Indianapolis Religious Discrimination Lawyers Here to Fight
A person’s religious beliefs are a serious matter. Religion provides comfort and strength to believers while also shaping how they live their lives. In fact, religious beliefs are so important that state and federal law, such as the Civil Rights Act of 1964, prohibits employers from discriminating against a potential or current employee on the basis of religion. Whether someone is Christian, Jewish, Muslim, or one of the other world religions, the workplace should be free from discrimination based on an employee’s belief system. When this law is not upheld, religious discrimination attorneys fight for their clients and freedom of religion in a court of law.
Call The Law Office of Deidra N. Haynes today at 317-982-7396 for answers to your religious discrimination questions.
What is Religious Discrimination?
Discrimination based on religious beliefs is when an employer makes decisions about a potential or current employee solely on the basis of the employee’s religion. This type of discrimination may occur during the hiring process, while the employee is employed with the company, and during the termination of the employee. It is illegal for employers to discriminate based on religious beliefs. It is also illegal for employers to ask a potential new hire during the interview process about their religion and beliefs, which is intended to protect workers and employers alike. An employer may not discriminate against someone who belongs to a particular religion, but they also cannot discriminate against someone without religious beliefs, such as an agnostic or atheist employee. This type of discrimination runs so deeply that there are even laws prohibiting an employer from discriminating against an employee based on religious association. An example of a religious association would be an employee married to someone of a particular religion.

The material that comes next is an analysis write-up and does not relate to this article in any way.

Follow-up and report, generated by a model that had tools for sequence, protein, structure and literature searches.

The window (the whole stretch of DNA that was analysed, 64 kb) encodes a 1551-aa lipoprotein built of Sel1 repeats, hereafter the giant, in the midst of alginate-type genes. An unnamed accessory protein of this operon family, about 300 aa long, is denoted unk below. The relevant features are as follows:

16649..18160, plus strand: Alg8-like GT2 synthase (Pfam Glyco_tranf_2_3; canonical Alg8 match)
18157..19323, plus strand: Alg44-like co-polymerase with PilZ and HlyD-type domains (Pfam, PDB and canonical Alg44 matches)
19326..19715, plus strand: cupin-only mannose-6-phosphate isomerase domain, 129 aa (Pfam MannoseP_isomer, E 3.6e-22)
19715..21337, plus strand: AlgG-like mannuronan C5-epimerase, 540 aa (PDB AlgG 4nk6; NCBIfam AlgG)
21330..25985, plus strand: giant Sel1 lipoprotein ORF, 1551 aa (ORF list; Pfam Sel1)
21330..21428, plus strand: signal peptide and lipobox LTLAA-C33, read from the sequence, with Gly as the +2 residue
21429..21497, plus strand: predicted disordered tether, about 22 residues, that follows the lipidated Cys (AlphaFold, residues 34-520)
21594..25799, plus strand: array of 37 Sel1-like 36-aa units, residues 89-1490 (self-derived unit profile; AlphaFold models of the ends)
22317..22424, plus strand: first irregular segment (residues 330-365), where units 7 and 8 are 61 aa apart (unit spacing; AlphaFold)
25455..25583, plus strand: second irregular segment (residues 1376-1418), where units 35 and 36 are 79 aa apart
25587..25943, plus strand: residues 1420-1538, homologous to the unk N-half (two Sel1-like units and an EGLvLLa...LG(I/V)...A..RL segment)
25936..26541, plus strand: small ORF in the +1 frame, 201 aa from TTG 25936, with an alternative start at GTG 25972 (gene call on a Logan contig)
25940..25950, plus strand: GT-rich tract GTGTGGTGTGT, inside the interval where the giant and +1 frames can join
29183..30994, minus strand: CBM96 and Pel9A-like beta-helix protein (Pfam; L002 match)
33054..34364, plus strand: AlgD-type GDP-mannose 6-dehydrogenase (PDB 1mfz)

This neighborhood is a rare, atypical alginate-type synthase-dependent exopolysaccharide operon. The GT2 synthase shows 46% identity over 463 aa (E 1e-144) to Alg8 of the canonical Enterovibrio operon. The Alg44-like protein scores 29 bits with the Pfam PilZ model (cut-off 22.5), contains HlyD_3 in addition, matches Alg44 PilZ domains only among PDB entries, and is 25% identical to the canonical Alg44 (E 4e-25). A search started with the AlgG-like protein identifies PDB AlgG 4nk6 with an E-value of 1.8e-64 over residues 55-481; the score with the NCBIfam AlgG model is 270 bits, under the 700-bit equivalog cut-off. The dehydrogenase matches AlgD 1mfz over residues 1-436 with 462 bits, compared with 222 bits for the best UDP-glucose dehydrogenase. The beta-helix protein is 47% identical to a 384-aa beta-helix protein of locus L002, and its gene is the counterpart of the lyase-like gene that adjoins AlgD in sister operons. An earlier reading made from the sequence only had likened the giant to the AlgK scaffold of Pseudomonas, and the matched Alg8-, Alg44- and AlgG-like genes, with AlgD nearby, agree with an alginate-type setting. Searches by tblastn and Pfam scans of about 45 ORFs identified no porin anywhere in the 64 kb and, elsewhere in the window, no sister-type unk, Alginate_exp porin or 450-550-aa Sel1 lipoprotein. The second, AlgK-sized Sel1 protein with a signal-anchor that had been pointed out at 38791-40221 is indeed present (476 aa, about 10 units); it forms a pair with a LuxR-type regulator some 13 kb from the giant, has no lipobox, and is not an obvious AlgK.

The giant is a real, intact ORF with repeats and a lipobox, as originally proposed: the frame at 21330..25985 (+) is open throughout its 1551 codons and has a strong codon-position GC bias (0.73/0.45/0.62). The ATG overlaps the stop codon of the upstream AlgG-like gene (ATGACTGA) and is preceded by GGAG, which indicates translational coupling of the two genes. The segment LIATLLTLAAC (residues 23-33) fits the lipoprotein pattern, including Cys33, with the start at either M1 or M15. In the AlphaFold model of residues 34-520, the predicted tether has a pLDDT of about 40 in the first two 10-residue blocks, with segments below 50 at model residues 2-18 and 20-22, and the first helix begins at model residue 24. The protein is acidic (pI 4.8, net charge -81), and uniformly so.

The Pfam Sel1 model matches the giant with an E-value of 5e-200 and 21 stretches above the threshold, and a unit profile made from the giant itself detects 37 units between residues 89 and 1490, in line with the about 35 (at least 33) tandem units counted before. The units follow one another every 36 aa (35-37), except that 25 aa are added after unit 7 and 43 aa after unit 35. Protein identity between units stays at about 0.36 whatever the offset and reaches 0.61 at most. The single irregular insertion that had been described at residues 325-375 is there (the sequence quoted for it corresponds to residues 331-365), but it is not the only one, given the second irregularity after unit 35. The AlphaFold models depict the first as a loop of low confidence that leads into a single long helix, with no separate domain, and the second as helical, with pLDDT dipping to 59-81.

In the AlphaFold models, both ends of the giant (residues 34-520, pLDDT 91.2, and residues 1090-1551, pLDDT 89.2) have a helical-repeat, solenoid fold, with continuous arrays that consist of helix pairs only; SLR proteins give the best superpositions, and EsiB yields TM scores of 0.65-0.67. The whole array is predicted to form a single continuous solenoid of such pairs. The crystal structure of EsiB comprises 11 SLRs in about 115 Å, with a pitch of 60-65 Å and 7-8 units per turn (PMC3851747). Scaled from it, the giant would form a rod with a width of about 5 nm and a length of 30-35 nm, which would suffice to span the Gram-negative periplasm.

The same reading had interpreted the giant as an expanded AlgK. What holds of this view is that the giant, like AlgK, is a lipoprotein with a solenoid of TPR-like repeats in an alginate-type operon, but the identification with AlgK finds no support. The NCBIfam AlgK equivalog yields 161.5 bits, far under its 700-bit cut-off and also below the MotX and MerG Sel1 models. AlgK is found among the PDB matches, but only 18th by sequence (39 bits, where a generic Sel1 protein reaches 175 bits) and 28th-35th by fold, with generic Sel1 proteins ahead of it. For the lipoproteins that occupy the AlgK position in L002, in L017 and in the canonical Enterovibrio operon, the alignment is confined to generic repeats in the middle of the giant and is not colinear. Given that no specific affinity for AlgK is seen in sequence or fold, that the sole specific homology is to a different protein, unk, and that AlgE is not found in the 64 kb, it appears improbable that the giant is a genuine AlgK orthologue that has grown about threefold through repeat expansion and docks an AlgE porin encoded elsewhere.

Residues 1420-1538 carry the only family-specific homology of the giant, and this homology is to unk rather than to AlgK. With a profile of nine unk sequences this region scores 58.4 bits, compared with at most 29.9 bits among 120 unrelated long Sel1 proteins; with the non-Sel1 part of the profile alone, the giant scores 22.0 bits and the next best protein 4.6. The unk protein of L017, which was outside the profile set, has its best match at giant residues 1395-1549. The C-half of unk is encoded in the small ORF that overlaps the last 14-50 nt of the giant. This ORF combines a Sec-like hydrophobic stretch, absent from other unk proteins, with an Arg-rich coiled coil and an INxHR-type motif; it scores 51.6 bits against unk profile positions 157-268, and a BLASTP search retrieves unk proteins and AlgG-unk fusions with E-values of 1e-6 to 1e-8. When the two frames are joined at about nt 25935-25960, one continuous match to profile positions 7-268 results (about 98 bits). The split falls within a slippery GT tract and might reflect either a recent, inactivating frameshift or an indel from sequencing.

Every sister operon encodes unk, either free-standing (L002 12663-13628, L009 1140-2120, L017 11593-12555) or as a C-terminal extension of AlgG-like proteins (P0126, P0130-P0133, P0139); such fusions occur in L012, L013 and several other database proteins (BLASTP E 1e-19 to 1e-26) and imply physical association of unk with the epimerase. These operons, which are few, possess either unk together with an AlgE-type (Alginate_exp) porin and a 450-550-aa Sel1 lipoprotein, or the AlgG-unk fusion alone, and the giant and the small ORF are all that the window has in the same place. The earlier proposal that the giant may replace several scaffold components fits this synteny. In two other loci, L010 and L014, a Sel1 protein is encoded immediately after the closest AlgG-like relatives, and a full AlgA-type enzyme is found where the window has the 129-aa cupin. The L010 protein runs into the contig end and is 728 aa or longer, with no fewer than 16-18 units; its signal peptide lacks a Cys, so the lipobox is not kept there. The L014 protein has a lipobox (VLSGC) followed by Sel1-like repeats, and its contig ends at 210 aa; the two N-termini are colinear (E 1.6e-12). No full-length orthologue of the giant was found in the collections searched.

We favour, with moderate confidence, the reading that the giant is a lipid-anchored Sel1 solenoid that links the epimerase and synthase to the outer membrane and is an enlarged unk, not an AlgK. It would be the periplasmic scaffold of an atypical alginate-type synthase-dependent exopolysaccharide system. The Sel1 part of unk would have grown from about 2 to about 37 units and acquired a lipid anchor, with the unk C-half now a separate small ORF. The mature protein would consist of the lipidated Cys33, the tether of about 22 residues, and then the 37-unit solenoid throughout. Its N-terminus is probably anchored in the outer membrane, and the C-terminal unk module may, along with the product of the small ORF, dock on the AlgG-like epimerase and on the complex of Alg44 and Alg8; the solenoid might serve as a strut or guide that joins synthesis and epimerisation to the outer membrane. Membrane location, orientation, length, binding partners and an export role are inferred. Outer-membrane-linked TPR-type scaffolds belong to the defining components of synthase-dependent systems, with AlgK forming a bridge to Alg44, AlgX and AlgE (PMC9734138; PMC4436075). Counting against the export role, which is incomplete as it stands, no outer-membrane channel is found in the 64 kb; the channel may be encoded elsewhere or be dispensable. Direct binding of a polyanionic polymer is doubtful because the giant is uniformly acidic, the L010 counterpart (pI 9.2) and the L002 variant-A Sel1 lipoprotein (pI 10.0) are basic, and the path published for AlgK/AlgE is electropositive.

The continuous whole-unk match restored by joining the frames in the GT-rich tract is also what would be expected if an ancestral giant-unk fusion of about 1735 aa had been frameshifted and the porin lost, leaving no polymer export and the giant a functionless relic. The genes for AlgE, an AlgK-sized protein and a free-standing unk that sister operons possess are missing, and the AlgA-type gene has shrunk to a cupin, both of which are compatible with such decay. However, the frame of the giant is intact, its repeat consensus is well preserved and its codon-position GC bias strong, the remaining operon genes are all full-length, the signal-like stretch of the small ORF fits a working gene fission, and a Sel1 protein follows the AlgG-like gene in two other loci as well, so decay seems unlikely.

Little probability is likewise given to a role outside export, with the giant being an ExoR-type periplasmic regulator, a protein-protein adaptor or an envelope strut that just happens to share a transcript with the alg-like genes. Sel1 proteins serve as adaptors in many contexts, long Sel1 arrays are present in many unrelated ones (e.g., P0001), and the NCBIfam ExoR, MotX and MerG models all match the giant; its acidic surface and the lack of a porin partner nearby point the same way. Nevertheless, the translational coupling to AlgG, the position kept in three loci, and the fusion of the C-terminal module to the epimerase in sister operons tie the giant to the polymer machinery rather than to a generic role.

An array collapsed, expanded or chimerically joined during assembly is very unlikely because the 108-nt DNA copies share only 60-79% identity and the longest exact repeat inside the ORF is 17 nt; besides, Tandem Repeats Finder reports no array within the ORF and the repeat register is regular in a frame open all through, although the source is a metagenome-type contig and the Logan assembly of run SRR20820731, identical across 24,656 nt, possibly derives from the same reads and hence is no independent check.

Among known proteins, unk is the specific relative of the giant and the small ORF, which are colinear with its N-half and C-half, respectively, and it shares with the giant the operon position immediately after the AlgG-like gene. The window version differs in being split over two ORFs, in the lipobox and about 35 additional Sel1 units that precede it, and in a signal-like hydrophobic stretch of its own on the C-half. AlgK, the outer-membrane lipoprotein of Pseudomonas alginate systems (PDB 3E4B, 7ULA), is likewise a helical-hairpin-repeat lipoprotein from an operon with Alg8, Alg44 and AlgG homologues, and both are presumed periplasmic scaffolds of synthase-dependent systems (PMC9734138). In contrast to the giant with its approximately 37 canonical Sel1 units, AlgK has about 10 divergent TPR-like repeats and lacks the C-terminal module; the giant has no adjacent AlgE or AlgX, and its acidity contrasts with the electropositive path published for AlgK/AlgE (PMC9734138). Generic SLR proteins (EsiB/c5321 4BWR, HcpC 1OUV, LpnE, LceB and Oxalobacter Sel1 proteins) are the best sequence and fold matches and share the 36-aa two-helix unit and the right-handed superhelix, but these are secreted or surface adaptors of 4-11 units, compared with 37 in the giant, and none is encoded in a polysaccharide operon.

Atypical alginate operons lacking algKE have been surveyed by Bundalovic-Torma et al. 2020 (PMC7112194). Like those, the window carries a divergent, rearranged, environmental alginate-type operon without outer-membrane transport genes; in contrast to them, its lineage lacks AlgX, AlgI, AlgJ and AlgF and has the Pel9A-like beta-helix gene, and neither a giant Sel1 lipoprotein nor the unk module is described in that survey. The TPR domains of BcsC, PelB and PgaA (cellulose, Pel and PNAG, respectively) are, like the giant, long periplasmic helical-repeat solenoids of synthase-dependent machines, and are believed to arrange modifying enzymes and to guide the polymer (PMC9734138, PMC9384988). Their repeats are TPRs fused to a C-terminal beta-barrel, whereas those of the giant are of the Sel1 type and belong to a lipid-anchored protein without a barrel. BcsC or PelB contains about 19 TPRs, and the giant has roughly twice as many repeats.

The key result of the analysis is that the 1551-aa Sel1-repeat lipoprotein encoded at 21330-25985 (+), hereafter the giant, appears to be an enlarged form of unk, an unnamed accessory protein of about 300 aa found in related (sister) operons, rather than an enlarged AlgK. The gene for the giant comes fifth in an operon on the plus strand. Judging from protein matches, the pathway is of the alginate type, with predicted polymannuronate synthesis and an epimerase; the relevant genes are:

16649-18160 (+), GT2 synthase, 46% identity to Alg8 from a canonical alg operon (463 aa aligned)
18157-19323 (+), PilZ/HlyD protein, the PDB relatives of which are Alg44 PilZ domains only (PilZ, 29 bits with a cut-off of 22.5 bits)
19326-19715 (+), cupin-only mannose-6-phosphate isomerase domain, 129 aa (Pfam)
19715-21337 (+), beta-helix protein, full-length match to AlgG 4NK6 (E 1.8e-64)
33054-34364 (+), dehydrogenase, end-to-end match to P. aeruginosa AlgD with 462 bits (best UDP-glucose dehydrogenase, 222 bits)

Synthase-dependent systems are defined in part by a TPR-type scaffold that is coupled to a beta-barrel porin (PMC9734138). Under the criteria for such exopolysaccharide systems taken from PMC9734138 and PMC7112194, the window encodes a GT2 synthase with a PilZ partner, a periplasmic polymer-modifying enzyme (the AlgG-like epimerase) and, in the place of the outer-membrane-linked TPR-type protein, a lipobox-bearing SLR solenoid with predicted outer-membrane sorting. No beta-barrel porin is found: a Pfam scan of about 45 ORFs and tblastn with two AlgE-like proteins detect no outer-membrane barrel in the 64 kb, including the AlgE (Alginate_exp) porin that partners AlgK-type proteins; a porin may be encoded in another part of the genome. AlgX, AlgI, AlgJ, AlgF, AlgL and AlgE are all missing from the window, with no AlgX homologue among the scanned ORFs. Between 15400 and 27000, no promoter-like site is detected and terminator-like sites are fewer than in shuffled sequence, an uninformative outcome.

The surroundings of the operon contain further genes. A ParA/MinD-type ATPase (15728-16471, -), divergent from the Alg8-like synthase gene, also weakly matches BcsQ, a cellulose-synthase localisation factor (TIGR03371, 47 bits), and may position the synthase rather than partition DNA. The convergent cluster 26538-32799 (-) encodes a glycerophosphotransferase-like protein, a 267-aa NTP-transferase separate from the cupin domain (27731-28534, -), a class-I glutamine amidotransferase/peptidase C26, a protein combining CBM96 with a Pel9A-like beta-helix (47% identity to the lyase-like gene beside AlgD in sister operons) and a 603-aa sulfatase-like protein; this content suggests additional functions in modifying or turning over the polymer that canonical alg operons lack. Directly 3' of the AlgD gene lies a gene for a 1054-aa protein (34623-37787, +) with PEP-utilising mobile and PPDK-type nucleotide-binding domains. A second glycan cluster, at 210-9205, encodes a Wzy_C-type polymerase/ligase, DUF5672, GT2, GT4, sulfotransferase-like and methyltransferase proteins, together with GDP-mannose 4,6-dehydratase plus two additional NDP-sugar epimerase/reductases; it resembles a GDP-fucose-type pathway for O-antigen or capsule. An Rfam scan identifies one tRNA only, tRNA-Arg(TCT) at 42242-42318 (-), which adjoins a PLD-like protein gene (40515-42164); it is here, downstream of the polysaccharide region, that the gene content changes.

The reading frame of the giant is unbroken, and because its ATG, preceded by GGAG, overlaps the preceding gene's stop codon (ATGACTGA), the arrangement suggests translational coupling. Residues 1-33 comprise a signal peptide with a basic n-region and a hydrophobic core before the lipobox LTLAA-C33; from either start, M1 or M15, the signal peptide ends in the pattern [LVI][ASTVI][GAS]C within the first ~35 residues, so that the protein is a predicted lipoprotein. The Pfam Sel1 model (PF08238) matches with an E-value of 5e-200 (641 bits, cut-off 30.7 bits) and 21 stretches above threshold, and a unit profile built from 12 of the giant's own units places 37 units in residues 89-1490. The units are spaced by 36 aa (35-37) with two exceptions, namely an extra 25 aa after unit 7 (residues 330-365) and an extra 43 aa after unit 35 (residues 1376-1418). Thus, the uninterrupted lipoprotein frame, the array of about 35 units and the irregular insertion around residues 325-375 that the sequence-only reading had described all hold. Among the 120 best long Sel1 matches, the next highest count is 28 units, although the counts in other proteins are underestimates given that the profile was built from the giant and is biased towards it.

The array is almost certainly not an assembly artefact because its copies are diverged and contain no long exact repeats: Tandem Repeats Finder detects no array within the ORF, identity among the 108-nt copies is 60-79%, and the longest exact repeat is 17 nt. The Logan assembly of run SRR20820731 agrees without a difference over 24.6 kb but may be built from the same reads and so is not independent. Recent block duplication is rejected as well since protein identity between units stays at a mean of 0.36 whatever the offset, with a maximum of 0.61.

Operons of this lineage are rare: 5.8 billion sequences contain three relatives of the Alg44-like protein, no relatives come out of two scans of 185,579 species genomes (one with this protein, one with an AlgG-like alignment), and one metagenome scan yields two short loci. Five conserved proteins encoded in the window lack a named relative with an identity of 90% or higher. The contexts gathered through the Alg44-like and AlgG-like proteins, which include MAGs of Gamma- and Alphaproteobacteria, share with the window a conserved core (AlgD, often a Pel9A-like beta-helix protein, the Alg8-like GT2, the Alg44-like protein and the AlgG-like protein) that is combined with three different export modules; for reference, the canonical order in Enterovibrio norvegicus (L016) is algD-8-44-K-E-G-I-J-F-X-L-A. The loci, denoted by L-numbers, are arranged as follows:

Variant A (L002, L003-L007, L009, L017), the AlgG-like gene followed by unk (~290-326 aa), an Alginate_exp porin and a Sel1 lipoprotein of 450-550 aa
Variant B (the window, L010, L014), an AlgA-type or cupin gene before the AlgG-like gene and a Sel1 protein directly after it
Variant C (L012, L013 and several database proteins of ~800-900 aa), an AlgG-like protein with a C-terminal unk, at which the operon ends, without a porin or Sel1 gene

Examples of Religious Discrimination
It may not be all that hard to spot religious discrimination in the workplace. It can occur in a variety of actions, all of which stem from a bias and result in religious freedom being threatened. Employees deserve a workplace free from discrimination and harassment, and religious freedom is one of the founding principles of our nation. Here are a few examples specific to religious discrimination in the workplace:
- Implementing or enforcing dress codes or grooming standards in an effort to target employees of certain religions
- Failure to observe etiquette related to the employee’s religion, even after being informed on the matter
- Harassment that may take the form of jokes or slurs related to the religion, garments, or religious practices of the employee
- Harassment or retaliation against an employee for making a religious discrimination complaint
It is worth remembering that while these make up common forms of religious discrimination, they may not be the only actions an employer may take against an employee. For example, an employer may not outwardly discriminate against a particular religion through the actions mentioned above. They may take actions that seem unrelated to religion yet are still based entirely on the religion of the employee. The discrimination could happen in the form of loss of hours, withholding training or promotion, or termination without grounds. If these decisions were made based on the employee’s religion, it is still religious discrimination.